* Lieberman, The Story of the Human Body
* Pentland, Social Physics (my clips)
* Okasha, Philosophy of Science: VSI
* Mazzetti, The Way of the Knife (my clips)
* Ferguson, The Ascent of Money (my clips)
* Lewis, The Big Short (my clips)
* de Mesquita & Smith, The Dictator's Handbook (my clips)
* Sunstein, Worst-Case Scenarios (available here) (my clips)
* Johnson, Where Good Ideas Come From (my clips)
* Harford, The Undercover Economist Strikes Back (my clips)
* Caplan, The Myth of the Rational Voter (my clips)
* Hawkins & Blakeslee, On Intelligence
* Gleick, The Information (my clips)
* Gleick, Isaac Newton
* Greene, Moral Tribes
* Feynman, Surely You're Joking, Mr. Feynman! (my clips)
* Sabin, The Bet (my clips)
* Watts, Everything Is Obvious: Once You Know the Answer (my clips)
* Greenblatt, The Swerve: How the World Became Modern (my clips)
* Cain, Quiet: The Power of Introverts in a World That Can't Stop Talking
* Dennett, Freedom Evolves
* Kaufman, The First 20 Hours
* Gertner, The Idea Factory (my clips)
* Olen, Pound Foolish
* McArdle, The Up Side of Down
* Rhodes, Twilight of the Bombs (my clips)
* Isaacson, Steve Jobs (my clips)
* Priest & Arkin, Top Secret America (my clips)
* Ayres, Super Crunchers (my clips)
* Lewis, Flash Boys (my clips)
* Dartnell, The Knowledge (my clips)
* Cowen, The Great Stagnation
* Lewis, The New New Thing (my clips)
* McCray, The Visioneers (my clips)
* Jackall, Moral Mazes (my clips)
* Langewiesche, The Atomic Bazaar
* Ariely, The Honest Truth about Dishonesty (my clips)

Comment author: Nick_Beckstead 24 February 2014 02:10:07PM 0 points [-]

Could you say a bit about your audiobook selection process?

Comment author: lukeprog 06 January 2014 09:37:35PM 0 points [-]

Some empirical discussion of this issue can be found in Hochschild (2012) and the book it discusses, Zaller (1992).

Comment author: Nick_Beckstead 06 January 2014 11:27:54PM 0 points [-]

I'd say Hothschild's stuff isn't that empirical. As far as I can tell, she just gives examples of cases where (she thinks) people do follow elite opinion and and should, don't follow it but should, do follow it but shouldn't, and don't follow it and shouldn't. There's nothing systematic about it.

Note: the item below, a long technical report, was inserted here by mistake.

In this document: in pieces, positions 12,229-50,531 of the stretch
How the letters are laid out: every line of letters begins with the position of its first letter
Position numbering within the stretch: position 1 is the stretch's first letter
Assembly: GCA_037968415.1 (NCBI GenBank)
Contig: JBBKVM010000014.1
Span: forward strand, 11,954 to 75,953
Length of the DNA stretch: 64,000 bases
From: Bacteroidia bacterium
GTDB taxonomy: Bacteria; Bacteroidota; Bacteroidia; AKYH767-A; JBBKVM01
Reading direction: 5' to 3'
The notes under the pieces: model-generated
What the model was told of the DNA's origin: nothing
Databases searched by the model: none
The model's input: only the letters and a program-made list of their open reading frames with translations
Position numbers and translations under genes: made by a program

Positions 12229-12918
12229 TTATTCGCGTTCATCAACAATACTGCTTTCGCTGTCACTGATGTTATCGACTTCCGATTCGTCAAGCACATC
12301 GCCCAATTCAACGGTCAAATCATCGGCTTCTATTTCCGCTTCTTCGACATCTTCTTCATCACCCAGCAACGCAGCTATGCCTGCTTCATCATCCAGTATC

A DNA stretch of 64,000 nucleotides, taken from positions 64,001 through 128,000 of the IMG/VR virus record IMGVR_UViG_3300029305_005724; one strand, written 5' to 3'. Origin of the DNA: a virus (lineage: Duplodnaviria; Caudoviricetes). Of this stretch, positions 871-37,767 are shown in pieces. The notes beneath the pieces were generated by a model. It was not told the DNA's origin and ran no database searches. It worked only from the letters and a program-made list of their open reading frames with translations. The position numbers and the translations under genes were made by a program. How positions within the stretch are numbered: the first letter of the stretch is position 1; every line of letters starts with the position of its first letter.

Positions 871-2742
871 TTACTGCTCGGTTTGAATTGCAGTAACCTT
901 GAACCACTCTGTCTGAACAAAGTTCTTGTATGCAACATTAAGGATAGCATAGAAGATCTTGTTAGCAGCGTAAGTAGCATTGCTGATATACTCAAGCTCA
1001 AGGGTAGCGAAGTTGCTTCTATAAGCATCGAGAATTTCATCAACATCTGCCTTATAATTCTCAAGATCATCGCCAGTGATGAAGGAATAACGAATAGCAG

Hochschild's own answer to my question is:

When should citizens reject elite opinion leadership?In principle, the answer is easy: the mass public should join the elite consensus when leaders’ assertions are empirically supported and morally justified. Conversely, the public should not fall in line when leaders’ assertions are either empirically unsupported, or morally unjustified, or both. p. 536

This view seems to be the intellectual cousin of the view that we should just believe what is supported by good epistemic standards, regardless of what others think. (These days, philosophers are calling this a "steadfast" (as contrasted with "conciliatory") view of disagreement.) I didn't talk about this kind of view, largely because I find it very unhelpful.

I haven't looked at Zaller yet but it appears to mostly be about when people do (rather than should) follow elite opinion. It sounds pretty interesting though.

Comment author: MichaelVassar 10 December 2013 05:30:32PM 10 points [-]

I spent many hours explaining a sub-set of these criticisms to you in Dolores Park soon after we first met, but it strongly seemed to me that that time was wasted. I appreciate that you want to be lawful in your approach to reason, and thus to engage with disagreement, but my impression was that you do not actually engage with disagreement, you merely want to engage with disagreement, basically, I felt that you believe in your belief in rational inquiry, but that you don't actually believe in rational inquiry.